Chorus of black holes radiates X-rays

July 28, 2016, California Institute of Technology
The blue dots in this field of galaxies, known as the COSMOS field, show galaxies that contain supermassive black holes emitting high-energy X-rays. They were detected by NASA's Nuclear Spectroscopic Array, or NuSTAR, which spotted 32 such black holes in this field and has observed hundreds across the whole sky so far. The other colored dots are galaxies that host black holes emitting lower-energy X-rays, and were spotted by NASA's Chandra X-ray Observatory. Chandra data show X-rays with energies between 0.5 to 7 kiloelectron volts, while NuSTAR data show X-rays between 8 to 24 kiloelectron volts. Credit: NASA/JPL-Caltech

Supermassive black holes do not give off any of their own light, hence the word "black" in their name. However, many black holes pull in, or accrete, surrounding material, and emit powerful bursts of X-rays. Collectively, these active black holes throughout the sky can be thought of a cosmic choir, singing in the language of X-rays. Their "song" is what astronomers call the cosmic X-ray background.

To date, NASA's Chandra mission has managed to pinpoint many of the individual black holes contributing to the X-ray background, but the ones that let out high-energy X-rays—those with the highest-pitched "voices"—have remained elusive.

New data from NASA's Nuclear Spectroscopic Telescope Array, or NuSTAR, has, for the first time, begun to pinpoint large numbers of the black holes sending out the high-energy X-rays. More technically, NuSTAR has made significant progress in resolving the high-energy X-ray background.

"We've gone from resolving just 2 percent of the high-energy X-ray background to 35 percent," says Fiona Harrison, Benjamin M. Rosen Professor of Physics and Astronomy at Caltech, the principal investigator of NuSTAR, and lead author of a new study describing the findings in an upcoming issue of The Astrophysical Journal. "We can see the most obscured black holes, hidden in thick gas and dust."

The results will ultimately help astronomers understand how the growth patterns of supermassive black holes change over time—a key factor in the development of black holes and the galaxies that host them. For instance, the supermassive black hole at the center of our Milky Way galaxy is dormant now, but at some point in the past, it would have siphoned gas and bulked up in size.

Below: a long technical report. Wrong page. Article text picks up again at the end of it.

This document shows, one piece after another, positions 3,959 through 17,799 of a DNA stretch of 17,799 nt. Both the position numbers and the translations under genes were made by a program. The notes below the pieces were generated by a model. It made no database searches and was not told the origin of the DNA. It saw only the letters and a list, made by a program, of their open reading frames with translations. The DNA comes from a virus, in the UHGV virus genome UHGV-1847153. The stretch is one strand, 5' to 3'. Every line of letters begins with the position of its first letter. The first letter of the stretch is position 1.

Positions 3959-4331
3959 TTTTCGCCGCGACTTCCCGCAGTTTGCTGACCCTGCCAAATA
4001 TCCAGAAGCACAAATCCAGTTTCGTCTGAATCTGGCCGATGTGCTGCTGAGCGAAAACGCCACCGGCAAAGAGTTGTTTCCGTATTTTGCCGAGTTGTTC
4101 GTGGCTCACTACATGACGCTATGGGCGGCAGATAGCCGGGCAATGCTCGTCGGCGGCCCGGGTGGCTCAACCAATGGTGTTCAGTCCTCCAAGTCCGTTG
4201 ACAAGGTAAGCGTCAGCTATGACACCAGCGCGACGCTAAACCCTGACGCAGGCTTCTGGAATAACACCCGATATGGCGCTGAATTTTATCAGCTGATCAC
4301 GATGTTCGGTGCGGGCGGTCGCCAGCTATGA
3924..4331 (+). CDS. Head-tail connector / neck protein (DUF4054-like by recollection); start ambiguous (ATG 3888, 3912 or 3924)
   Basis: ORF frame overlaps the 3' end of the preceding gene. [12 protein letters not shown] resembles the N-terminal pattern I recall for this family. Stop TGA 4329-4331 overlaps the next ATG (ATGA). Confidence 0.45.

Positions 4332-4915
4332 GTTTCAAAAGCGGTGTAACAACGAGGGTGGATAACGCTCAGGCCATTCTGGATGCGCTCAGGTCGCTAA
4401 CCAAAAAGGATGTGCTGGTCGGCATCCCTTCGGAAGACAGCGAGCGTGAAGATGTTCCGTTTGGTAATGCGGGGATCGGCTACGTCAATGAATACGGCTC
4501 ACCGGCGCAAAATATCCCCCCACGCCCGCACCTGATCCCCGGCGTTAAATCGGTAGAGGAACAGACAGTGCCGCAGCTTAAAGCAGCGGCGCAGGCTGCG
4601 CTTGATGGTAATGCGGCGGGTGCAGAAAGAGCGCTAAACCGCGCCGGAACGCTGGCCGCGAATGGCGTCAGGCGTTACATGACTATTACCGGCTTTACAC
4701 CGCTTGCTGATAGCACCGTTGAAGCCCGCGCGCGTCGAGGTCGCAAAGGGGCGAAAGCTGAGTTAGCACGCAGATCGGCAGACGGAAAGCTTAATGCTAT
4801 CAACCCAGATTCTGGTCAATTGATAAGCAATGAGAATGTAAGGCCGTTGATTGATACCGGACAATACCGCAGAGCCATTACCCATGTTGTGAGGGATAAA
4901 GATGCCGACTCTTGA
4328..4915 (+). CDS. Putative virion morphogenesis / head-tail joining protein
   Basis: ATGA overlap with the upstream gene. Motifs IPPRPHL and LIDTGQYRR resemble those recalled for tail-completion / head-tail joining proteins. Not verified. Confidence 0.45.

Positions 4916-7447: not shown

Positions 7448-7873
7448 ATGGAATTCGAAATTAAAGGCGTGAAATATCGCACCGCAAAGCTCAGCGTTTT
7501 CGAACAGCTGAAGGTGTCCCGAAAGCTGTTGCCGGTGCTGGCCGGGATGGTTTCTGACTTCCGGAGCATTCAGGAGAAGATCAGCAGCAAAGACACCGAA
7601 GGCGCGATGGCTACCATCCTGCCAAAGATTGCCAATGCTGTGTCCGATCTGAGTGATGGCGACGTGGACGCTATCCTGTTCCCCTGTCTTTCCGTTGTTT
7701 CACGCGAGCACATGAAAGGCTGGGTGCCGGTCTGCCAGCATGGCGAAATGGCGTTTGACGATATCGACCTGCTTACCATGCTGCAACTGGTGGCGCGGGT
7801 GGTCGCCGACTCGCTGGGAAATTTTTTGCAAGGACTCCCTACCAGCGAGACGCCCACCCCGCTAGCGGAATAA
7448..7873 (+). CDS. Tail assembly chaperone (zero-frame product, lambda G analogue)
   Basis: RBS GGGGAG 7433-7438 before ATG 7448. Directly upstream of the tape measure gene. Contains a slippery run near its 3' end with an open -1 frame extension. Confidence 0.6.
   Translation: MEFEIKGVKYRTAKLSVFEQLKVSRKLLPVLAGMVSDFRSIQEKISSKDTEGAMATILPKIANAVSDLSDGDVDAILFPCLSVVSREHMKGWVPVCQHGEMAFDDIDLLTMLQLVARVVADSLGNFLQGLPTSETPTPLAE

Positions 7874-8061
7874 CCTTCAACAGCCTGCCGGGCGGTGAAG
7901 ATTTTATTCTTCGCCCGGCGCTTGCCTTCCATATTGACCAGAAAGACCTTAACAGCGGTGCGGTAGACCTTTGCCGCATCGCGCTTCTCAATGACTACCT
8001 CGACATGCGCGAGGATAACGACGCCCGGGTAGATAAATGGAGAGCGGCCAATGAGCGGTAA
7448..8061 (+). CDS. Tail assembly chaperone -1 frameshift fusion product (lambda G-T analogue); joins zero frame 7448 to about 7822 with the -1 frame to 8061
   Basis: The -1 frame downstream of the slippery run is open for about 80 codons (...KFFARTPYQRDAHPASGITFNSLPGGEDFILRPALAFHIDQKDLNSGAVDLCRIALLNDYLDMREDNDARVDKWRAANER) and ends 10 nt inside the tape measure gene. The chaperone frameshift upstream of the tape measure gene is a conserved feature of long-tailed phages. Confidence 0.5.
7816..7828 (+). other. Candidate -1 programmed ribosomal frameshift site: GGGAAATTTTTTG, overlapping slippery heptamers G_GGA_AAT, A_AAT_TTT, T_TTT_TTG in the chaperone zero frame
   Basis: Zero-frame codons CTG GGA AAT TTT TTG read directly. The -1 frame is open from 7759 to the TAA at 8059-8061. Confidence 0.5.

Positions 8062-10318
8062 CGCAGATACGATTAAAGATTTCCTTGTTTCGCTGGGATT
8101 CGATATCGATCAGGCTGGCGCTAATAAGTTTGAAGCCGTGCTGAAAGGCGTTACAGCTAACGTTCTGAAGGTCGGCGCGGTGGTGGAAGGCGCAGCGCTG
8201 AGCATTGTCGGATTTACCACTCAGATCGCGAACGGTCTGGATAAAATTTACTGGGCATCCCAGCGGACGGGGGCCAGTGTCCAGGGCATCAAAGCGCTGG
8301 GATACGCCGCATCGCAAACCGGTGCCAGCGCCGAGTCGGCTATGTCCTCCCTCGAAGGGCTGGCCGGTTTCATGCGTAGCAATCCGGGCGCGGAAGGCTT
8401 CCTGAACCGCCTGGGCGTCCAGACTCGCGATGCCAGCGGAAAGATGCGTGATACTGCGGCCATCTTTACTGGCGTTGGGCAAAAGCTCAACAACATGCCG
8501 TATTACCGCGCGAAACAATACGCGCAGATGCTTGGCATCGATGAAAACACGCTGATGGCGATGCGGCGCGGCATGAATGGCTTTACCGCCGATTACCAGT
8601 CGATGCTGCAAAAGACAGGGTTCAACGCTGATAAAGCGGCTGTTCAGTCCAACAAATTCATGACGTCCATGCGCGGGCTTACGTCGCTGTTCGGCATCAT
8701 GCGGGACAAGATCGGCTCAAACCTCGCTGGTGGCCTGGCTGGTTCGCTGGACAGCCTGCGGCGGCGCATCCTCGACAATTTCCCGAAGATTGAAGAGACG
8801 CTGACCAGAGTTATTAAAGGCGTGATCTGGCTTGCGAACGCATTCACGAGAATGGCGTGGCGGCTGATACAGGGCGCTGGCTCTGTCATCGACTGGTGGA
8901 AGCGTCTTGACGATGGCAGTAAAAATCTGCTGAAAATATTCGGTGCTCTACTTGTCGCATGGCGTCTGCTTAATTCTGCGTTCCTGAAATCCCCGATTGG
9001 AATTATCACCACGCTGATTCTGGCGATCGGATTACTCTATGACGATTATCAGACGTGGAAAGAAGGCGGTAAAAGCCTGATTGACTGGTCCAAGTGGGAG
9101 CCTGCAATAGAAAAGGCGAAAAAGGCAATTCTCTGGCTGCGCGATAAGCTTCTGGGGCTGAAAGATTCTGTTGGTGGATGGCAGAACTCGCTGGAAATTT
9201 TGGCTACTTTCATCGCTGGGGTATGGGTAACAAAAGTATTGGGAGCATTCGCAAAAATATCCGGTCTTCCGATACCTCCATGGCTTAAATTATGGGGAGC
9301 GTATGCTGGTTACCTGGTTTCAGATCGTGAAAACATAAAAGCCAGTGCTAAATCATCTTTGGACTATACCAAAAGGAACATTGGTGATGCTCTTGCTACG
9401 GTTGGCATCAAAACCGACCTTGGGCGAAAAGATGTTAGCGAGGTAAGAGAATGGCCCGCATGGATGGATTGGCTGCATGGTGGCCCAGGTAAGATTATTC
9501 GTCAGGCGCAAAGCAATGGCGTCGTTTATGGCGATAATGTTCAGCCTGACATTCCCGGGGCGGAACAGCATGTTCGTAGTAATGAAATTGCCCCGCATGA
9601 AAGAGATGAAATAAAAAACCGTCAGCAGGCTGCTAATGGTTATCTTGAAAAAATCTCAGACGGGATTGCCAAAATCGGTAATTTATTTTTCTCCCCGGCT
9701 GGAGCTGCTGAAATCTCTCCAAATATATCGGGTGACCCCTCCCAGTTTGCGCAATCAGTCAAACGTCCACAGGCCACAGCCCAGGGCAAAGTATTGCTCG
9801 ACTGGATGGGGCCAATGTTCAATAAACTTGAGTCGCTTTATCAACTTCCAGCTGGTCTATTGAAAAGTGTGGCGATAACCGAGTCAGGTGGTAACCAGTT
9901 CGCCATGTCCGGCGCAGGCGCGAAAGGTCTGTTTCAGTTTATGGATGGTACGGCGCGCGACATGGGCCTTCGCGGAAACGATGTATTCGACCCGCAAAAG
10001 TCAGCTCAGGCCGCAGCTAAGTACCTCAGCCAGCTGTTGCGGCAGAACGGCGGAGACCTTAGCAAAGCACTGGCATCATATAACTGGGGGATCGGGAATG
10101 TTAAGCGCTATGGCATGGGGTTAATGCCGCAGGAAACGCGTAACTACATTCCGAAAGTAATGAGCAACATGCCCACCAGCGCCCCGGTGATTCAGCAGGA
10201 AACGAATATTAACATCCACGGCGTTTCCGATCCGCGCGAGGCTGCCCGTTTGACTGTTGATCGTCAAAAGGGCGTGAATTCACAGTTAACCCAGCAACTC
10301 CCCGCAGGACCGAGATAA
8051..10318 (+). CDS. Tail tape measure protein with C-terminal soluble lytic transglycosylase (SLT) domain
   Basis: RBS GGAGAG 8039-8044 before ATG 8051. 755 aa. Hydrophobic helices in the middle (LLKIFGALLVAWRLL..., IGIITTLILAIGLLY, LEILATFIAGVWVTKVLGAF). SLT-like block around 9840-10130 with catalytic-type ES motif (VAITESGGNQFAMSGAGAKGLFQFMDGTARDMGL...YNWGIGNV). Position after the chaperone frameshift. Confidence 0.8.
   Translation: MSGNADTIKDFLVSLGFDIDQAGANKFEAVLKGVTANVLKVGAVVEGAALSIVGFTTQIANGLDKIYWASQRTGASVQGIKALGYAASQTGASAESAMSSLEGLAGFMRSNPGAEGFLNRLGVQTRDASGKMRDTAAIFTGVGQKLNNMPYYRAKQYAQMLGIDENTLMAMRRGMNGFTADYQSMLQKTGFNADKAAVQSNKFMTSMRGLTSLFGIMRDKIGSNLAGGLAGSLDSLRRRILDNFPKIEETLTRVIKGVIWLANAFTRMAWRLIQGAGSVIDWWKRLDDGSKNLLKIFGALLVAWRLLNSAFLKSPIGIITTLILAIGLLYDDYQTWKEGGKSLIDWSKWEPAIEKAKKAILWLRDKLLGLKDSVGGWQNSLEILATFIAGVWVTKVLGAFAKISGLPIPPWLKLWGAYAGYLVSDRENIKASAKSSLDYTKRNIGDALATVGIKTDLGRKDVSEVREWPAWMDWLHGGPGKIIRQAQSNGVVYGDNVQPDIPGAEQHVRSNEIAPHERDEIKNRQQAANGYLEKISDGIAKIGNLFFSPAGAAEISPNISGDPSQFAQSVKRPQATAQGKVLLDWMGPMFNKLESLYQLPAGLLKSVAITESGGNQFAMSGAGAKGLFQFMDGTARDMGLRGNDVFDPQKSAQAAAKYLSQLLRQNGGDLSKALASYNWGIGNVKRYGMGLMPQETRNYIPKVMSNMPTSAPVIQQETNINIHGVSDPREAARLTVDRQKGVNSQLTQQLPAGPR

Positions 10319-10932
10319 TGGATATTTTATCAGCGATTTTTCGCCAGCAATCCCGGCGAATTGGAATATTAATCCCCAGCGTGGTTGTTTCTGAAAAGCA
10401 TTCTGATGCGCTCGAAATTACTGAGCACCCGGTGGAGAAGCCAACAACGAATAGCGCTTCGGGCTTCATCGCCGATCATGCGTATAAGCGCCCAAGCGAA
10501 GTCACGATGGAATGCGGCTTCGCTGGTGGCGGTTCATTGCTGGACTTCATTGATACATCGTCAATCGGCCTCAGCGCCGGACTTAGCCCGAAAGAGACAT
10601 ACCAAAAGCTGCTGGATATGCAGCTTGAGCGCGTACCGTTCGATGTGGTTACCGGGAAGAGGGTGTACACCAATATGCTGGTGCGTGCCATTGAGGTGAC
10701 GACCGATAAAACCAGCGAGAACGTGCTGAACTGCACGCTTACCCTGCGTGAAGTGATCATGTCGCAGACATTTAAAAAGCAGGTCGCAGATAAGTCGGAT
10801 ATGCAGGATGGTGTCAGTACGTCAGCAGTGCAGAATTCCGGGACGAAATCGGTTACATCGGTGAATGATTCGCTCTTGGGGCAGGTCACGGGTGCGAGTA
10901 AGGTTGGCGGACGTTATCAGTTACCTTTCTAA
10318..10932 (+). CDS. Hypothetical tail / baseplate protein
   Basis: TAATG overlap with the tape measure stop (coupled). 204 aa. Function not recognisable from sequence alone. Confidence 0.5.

As black holes grow, their intense gravity pulls matter toward them. The matter heats up to extremely high temperatures and particles get boosted to close to the speed of light. Together, these processes make the black hole surroundings glow with X-rays. A supermassive black hole with an ample supply of fuel, or gas, will give off more high-energy X-rays.

NuSTAR is the first telescope capable of focusing these high-energy X-rays into sharp pictures.

"Before NuSTAR, the X-ray background in high-energies was just one blur with no resolved sources," says Harrison. "To untangle what's going on, you have to pinpoint and count up the individual sources of the X-rays."

"We knew this cosmic choir had a strong high-pitched component, but we still don't know if it comes from a lot of smaller, quiet singers, or a few with loud voices," says coauthor Daniel Stern, the project scientist for NuSTAR at JPL. "Now, thanks to NuSTAR, we're gaining a better understanding of the black holes and starting to address these questions."

High-energy X-rays can reveal what lies around the most obscured supermassive black holes, which are otherwise hard to see. In the same way that medical X-rays can travel through your skin to reveal pictures of bones, NuSTAR can see through the gas and dust around black holes, to get a deeper view of what is going on inside.

With NuSTAR's more complete picture of populations, astronomers can begin to puzzle together how these objects evolve and change over time. When did they start and stop growing? What is the distribution of the gas and dust that both feed and hide the black holes?

The team expects that over time, NuSTAR will be able to resolve more of the high-energy X-ray background—and better decipher the X-ray song of the universe's .

Explore further: Universe's hidden supermassive black holes revealed